MINING THE GOLD IN THE ALUMNI ASSOCIATION
And Its Not Raising Funds For The Stadium
Few alumni associations offer as much as those of professional firms. That terrific accountant or lawyer who worked so hard for you until he or she either received a terrific offer from a company or another firm, or fell off the partnership track, is now an alumnus or alumna.
And while your college alma mater may see you as a source of contributions and endowments, you should see your alumni -- as do many professional firms -- as potential clients and referral sources. In fact, those firms that make much of their alumni do very well indeed in using them for new business development.
They've gone off to companies that will eventually change existing accounting or legal or consulting relationships, and if they think fondly of alma mater, and are kept up-to-date on what alma mater is doing, and the relationship is kept warm and cozy, then it obviously translates into new client relationships.
Rarely, though, do these relationships grow of their own volition. They must be nurtured. Unlike a college-alumni situation, the professional firm-alumni relationship is held together by a very fragile thread. If that relationship isn't identified, strengthened, and constantly supported, it breaks.
Why fragile? Because the employee may have been fired. Or caused to veer off the partnership track. Or not understand or appreciate the value of the original relationship before departure. Or have any number of psychological reactions to what you may see as a nest for the individual, but what the individual sees as a parental or punitive situation. We all know (or think we know) that in the workplace today, loyalty exists only from nine to five, and only until the last paycheck.
This seems to offer little hope for a firm-alumni future. And yet, for those firms that actively pursue it, alumni relations works well. Whether the warmth that parallels the feelings toward such alma maters as Stanford, Harvard or Wellesley exists is difficult to fathom. But ultimately, there is respect, knowledge, and most importantly, preference, for alma matter, regardless of the fragility of the thread.
The Values In Alumni Relationships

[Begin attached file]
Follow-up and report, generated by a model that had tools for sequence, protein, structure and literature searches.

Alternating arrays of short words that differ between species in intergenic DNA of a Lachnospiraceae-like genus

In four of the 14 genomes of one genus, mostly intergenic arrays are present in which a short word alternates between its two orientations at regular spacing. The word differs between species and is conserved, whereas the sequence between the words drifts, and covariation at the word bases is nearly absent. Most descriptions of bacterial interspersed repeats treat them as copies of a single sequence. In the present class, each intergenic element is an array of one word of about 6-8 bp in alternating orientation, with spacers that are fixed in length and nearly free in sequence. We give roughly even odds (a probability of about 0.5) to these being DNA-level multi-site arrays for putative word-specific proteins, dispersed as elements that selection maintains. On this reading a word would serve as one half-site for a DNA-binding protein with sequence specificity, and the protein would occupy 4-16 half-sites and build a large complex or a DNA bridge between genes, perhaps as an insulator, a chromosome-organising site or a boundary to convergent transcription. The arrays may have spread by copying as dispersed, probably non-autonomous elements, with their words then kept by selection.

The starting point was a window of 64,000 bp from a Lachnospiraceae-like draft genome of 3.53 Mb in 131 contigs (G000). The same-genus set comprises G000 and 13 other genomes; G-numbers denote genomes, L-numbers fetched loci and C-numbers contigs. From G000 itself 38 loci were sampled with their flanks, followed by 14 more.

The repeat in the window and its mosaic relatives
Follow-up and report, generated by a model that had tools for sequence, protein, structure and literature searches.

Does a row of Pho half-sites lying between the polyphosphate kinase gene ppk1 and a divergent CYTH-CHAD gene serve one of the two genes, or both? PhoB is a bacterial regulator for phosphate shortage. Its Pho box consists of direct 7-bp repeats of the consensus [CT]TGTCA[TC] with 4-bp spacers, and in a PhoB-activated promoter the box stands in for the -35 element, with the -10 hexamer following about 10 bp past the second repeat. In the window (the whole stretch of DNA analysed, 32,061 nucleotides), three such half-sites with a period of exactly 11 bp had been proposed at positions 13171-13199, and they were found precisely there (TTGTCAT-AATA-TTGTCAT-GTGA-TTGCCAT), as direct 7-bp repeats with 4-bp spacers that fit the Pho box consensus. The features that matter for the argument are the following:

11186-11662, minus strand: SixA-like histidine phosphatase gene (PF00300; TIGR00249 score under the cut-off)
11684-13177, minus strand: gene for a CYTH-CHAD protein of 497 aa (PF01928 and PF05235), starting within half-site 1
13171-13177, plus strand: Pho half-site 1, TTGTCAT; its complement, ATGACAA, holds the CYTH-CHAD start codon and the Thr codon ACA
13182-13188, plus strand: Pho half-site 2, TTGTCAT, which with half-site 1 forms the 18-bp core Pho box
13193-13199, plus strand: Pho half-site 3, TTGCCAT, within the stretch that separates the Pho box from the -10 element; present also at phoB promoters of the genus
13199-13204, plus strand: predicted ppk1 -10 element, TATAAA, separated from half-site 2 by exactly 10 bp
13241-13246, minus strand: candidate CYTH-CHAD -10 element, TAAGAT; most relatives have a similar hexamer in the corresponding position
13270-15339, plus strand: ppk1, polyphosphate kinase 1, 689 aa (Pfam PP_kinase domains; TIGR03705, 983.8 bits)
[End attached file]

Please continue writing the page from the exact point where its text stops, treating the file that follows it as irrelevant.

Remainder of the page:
The values in sustaining alumni relationships would seem obvious, although the return on investment might not spring immediately to mind.
· Alumni -- former employees of yours to whose training you contributed -- become financial officers and executives of companies that could be your clients
· Sooner or later, they will be in a position to retain, or recommend your firm to work for their companies
· Sooner or later, somebody is going to ask, "Didn't you used to work for Smith & Dale? I'm thinking of retaining them (or I'm thinking of going to work for them). What do you think?"
· Sooner or later, somebody important to you is going to ask them, "You used to work for Smith & Dale. Do they do cash flow management?" Or, How are they on labor relations? And if you do those things, but didn't start to do them until after the alum left, how is he or she going to know that?
But if you have some kind of alumni program, no matter how small, then everybody who used to work for you, and remembers you even somewhat favorably, becomes a salesperson for your firm.
There are two simple objectives to an alumni program -- to keep alumni informed and involved in your firm, and to keep alumni favorably disposed to your firm. There is another objective, which is to establish the kind of relationship that impels the alum to hire or recommend you when possible, but that doesnt happen until the first two objectives are met.
If your college has homecoming games, and fund raising activities and, in some cases, university clubs, then you obviously can't compete for love and attention in that arena. But you can engender and foster a sense of alumni connection. The successful firms do it with everything from newsletters to annual dinners to job referrals. Some firms run simple inexpensive programs, some run elaborate programs that put some college programs to shame.